• Mattro

          honestly, i get it. i really do. i come from a “minority” group, myself, but, realistically, is this branding really all that offensive? on all of the modern indian models i’ve seen, there’s no use of the antiquated and, admittedly, rather tacky indian head logo. it’s all a new “indian” wordmark.

          which i’m sure was a deliberate act to respect cultural sensitivities while maintaining the heritage of a brand rooted in a time before cultures were quite so sensitive.

  • JT Nesbitt

    And after Achilles had vanquished Hector, did he parade the corpse, dragged behind his chariot, for all of the wailing Trojans to behold.
    We are the Trojans, and the corpse of Indian, desecrated, and on display, has caused me great sadness and anger for over a decade.
    Has the nightmare finally ended? I think not.
    For YEARS Victory has been promising a real street motorcycle once the cruiser product line gained traction, and obviously, it has not. Despite all of the chest beating about the “new American motorcycle”, and claims of how superior a Victory is to other “heavy weight cruiser” motorcycles.
    Here’s where the simple truth lies. There is no such thing as “the Heavyweight Cruiser Market Segment”. There is only Harley, and fake Harley. See the way this works is, the accountants look at the numbers, figure out where the most profit can be made, and build a motorcycle to compete in that market segment. This is the CHINESE model of business. Victory design is directed by the accounting department. It is not an enthusiast driven company, and in their desperate attempt to get a sliver of that Harley pie, ape Harley to prey upon low information buyers.
    a few years back, Victory ran a commercial where a young whippersnapper in a Victory bomber jacket saunters into a biker bar. The grumbling wizened Harley dudes shoot him evil looks, until they see the “Victory” logo on the back of his jacket. They then appear to move aside, and nod in approval. I suspect that if the cameras had been allowed to keep rolling, what they would have captured is the outbreak of laughter and taunting buy the genuine articles.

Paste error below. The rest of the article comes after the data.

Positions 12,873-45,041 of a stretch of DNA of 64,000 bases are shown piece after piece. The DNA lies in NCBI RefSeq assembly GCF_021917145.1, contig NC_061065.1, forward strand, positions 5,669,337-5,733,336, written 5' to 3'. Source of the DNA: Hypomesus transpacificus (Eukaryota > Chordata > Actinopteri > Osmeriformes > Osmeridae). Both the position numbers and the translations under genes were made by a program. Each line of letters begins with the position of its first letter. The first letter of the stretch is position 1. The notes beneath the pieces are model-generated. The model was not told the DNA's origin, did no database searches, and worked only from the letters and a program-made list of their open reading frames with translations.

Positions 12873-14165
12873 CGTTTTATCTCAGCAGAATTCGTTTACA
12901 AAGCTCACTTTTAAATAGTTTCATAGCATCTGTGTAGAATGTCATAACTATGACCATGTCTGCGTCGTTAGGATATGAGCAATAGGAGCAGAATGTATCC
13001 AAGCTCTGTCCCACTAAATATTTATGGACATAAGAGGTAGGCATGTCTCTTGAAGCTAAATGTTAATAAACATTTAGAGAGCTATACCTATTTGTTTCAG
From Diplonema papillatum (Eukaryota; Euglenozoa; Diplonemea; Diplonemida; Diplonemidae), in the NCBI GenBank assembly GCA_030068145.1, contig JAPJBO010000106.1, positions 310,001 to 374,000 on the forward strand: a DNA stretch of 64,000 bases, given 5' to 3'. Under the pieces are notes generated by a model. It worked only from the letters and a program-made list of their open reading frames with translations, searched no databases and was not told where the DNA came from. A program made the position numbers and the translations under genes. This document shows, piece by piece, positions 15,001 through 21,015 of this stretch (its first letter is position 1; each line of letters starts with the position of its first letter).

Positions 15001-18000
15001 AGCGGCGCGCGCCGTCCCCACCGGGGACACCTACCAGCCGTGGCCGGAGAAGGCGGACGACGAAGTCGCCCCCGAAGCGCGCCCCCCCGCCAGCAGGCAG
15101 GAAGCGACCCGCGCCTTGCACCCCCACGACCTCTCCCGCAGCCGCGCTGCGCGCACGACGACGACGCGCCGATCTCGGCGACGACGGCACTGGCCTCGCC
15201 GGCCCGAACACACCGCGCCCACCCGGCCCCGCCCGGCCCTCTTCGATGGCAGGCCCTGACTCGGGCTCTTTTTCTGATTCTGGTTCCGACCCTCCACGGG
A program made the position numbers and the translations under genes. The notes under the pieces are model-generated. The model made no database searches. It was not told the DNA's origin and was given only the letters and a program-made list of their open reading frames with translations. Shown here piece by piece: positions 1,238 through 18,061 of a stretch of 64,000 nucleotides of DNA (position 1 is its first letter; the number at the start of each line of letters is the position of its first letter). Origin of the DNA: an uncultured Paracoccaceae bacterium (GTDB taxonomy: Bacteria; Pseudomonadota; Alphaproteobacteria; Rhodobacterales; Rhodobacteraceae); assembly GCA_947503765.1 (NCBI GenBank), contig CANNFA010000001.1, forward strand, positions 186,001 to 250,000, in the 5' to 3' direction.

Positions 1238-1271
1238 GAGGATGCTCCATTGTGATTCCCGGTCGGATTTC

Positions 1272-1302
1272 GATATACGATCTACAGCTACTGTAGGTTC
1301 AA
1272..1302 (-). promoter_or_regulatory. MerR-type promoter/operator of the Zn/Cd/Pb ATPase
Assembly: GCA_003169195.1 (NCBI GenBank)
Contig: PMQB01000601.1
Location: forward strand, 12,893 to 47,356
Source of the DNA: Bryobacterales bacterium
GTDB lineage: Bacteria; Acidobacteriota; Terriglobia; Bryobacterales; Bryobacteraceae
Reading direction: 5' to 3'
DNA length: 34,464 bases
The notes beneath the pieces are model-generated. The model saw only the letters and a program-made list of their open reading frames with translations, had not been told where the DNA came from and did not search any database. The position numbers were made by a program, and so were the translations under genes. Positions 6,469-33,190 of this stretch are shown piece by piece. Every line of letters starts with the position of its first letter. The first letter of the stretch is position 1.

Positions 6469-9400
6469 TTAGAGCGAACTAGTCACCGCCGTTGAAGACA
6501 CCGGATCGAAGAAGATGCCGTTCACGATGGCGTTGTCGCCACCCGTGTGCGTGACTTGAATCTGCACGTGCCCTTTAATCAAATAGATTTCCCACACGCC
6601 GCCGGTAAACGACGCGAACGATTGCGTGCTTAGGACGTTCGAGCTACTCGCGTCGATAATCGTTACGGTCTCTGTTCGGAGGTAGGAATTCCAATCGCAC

You see what Victory has done to date, is define their brand by Harley Fucking Davidson! I suspect that Harley is as well laughing right now.
    Every time I have personally encountered a Victory rider, they go to great lengths to tell me how much better their Victory is…Better than what you might ask? We all know the answer to that question.
    So there it is. a brand that defines itself by the lure of crumbs that may fall from Harley’s table. A corporate leadership based on flawed “conservative” accounting, not passion for advancement of American motorcycling. It’s Pepsi verses Coke! Well, buddy, I don’t like either! That is not a choice for smarty-pants, elitist, MOTORCYCLISTS like me.
    So Victory, why do you feel so compelled to walk into that biker bar in the first place? Do you aspire to have bikers respect you? What kind of bucket list are you checking off? Talk about low expectations!
    Now these chumps have Indian. And every American motorcycle designers dream has just been flushed down the toilet. Does Victory know that years ago, John Britten was in talks with the owners of the Indian trademark? He was working on a proposal right before he died! Does the management of Victory even know who John Britten was?
    Just think of how EXTRAORDINARY it would be to be a part of the team that brought the first American motorcycle back to it’s rightful place GLOBALLY, by building motorcycles that win races, and in so doing, deliver ACTUAL pride to the American motorcycling community. I am so sure that this will never happen that I have written this post.
    I double dog dare Victory to prove me wrong, and will be the first in line to buy the new Indian SPORTING motorcycle. If Victory builds a fake Harley (cruiser) with an Indian Logo on the tank, then you have insulted me and my kind far more than I have insulted you here. Bury the corpse of Hector with dignity and end the embarrassment.— JT

    • Robert

      Some slices of pie are very thin. Some are not. If a customer eats bigger slices, the baker makes more pie. Perhaps that pie is not to the likeing of everyone – so thank goodness there is more than one baker out there…

  • Michael

    Whoa. Maybe decaf would be a better choice?.?

    Seriously, you make good points, BUT, recasting Indian into a line of sportbikes would be a huge disservice to the image of the brand. It would be like Buell building Ultra Classics. As an owner of an Harley I think HD could use some competition, because they don’t seem to have any direction but reverse – when it comes to style. Not all motorcyclists want sportbikes, but most want a thoughtfully designed, and affordable machine. That said HD are ripe for a competitive push from a company that isn’t afraid of change. There will always be peeps who will only buy a HD and no other, but I could see Indian sneak up and eat some of their pizza. One day, I think Harley may feel they should have bought Indian to kill their only real competitor.